Culture Jam Assignment (2)


This advertisement published by Natan Diamonds has many underlying issues. The left image shows a woman sitting with her legs crossed while a man holds out a jewellery box to her. The picture on the right shows him opening the box to reveal a diamond ring, and the woman has responded with her legs open. Not only is this not a good marketing strategy, as it does not even clearly show the product they are trying to sell, it objectifies both men and women.

The ad is misogynistic because it implies that one can buy a woman’s sex and body. There are some women who want to become intimate when they are in a more serious relationship, or feel comfortable committing to someone. They might think of sex as something as a step after they are devoted to one another. That is a personal choice some women make for themselves. However, it does not mean that a diamond ring is the differentiating factor between celibacy and sex. It suggests that her sexuality is controlled by materials, and she has no will of her own.

Conversely, it also objectifies men in the underlying context. The advertisement depicts a narrative of a couple who are serious – serious enough for a proposal. So, in this case, the man cannot get any intimacy unless he spends money to show his devotion, and only then will his partner have sex with him. He himself is not enough to base relationship decisions on, but its materials he can buy and provide. Since the diamond ring is shown as the only causal factor in sex, I don’t believe this ad is only sexist to women.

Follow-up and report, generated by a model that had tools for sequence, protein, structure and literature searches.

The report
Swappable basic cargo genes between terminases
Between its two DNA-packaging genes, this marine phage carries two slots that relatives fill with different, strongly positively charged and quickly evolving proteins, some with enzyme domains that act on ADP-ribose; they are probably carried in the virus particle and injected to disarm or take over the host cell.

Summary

After advertising Natan Diamonds’ ad, I added the caption “Whoever said bribery doesn’t work, hasn’t seen our diamonds”. This highlights the adverse social message the image was sending to both women and men. It emphasizes that sexism to both sexes can make them feel like commodities, in which sex and money can be traded to influence decisions and feelings. The man is bribing the woman for her sex. She on the other hand is only interested in being intimate with her partner only after an expensive ring is gifted to her. Overall, this ad alteration tries to invoke the message original message even more – that women are mindless about their bodies unless bribed with materials, and the value of men and their relationships are based on what they can buy. It is far from the fact that there are people who love their partners, and symbolize their appreciation and devotion through gifts. Or the fact that there are women who choose to have intercourse later in the relationship when they feel it being more stable and serious. This just reaffirms the longstanding gender roles that women and men have been subjected to – men as material providers and women as submissive sexualized objects. From a marketing and advertising standpoint, not only does this ad not show the product big and clear enough for the consumer, but it also demeans what some people think of marriage and relationships. It is sexist, demeaning and makes the viewer be more uncomfortable associating themselves with the brand, than be interested in what they have to sell.

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